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Level 7

7AACK585 Roman Egypt

Credit value: 40 credits
Module convenor/tutor: Professor Dominic Rathbone (2018/19)
Assessment: 2 x essays of 5,000 words (50% each)
Teaching pattern: 20 x 2-hour weekly seminars
Availability: Please see module list for relevant year

The modules offered in each academic year are subject to change in line with staff availability and student demand: there is no guarantee every module will run. Module descriptions and information may vary between years.

Places on this module will be capped at 16 and will be allocated in the first instance to those students from any College who are following the MA Classical Art & Archaeology and MA Ancient History degree programmes. Any remaining places up the maximum size of the class will then be distributed proportionally between Colleges.

This dedicated MA course investigates the main themes and topics of current scholarly interest in the history of Egypt as a province of the Roman Empire (I - III AD) through in-depth study of selected groups of the written and material evidence. The course focuses on the papyrus documents, but also integrates the general archaeological record. The course does not test linguistic knowledge, but students will benefit from a basic grasp of ancient Greek and also background knowledge of the history of the Roman empire.

The 20 two-hour classes will mix lecture and discussion. The subject will be taught primarily through case-studies, and students will be responsible for background reading. At convenient intervals time will be allocated for discussion of problems arising from previous classes and for students’ presentations of work-in-hand. The outline list of topics is flexible and will, if practicable, be tailored to cover particular interests of the class. When possible guest lectures by experts on particular topics are added, and a visit to the rich Romano-Egyptian collection of the Fitzwilliam Museum, Cambridge.

Provisional topics (subject to some variation)

  1. Introduction: issues and evidence.
  2. The Pompeius Niger archive: prosopography; Romanisation.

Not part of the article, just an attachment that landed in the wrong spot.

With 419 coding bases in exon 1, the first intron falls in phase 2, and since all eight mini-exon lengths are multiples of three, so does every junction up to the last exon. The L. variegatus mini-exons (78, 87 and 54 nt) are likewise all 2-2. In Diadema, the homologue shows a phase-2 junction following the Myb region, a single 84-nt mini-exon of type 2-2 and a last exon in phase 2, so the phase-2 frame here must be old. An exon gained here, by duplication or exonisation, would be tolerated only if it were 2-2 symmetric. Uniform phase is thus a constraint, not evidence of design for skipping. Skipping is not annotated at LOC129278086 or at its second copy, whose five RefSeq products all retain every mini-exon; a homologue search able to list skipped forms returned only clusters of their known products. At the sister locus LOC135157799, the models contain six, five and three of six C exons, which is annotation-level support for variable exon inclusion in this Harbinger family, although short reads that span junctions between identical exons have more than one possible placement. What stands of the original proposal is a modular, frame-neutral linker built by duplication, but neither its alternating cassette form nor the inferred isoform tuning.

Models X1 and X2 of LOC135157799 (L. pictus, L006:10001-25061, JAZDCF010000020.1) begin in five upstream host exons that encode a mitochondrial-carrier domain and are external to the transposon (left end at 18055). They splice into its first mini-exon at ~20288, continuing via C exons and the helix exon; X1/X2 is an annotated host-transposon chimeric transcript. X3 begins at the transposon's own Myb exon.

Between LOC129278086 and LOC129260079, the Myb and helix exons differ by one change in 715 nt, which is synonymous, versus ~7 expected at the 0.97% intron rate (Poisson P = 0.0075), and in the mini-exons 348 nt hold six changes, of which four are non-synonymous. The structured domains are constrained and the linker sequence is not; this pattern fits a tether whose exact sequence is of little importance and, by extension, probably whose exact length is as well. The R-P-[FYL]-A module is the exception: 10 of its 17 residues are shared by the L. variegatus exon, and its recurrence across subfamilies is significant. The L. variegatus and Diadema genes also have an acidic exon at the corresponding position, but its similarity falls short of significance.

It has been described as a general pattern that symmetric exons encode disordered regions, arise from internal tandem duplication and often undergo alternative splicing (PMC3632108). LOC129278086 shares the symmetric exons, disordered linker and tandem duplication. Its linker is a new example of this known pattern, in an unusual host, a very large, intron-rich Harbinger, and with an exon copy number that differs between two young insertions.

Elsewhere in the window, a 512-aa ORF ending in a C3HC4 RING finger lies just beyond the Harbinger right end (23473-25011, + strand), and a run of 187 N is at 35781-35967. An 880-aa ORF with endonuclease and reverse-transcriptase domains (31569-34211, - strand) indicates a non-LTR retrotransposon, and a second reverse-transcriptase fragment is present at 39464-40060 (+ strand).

3. The Gnomon of the Idios Logos: status hierarchy; provincial administration.
  4. The Nemesion archive: poll-tax; I AD crisis?
  5. Alexandria, politics and racism: Philo; Claudius’ letter; ‘Acta Alexandrinorum’.
  6. ‘Fayyum’ portraits: multiculturalism.
  7. Trade with the East: the desert routes; the Nikanor archive; the Muziris papyrus.
  8. Religion: the Tebtunis temple and archive; terracotta figurines.
  9. Census declarations: population; family structures; brother-sister marriage.
  10. Life cycles: birth, coming of age, marriage, death.
  11. Oxyrhynchus and Hermopolis Magna: urbanisation; urban culture.
  12. Karanis and Tebtunis: village society.
  13. Law and life: legal practices; petitions and responses.
  14. The Heroninos archive: large estates; third-century developments.
  15. Resistance: revolts; dissent literature.

Core reading

The books of the course are:

  • ed. J. Rowlandson, Women and Society in Greek and Roman Egypt (1998), and
  • R.S. Bagnall, Reading Papyri, Writing Ancient  History (1995).

Students should purchase their own copy of Women and Society, and start reading through both books  – best done gently in instalments – from the start.

To get a sense of what papyrus texts are like, sample a couple of recent volumes of the Oxyrhynchus Papyri, or the Roman-period items in the two-volume selection in the Loeb series Select Papyri I-II.

For the sites and material evidence see ed. R.S. Bagnall & D.W. Rathbone, Egypt from Alexander to the Copts: an Archaeological and Historical Guide (2004).

Note also ed. C. Riggs, The Oxford Handbook of Roman Egypt (2012).

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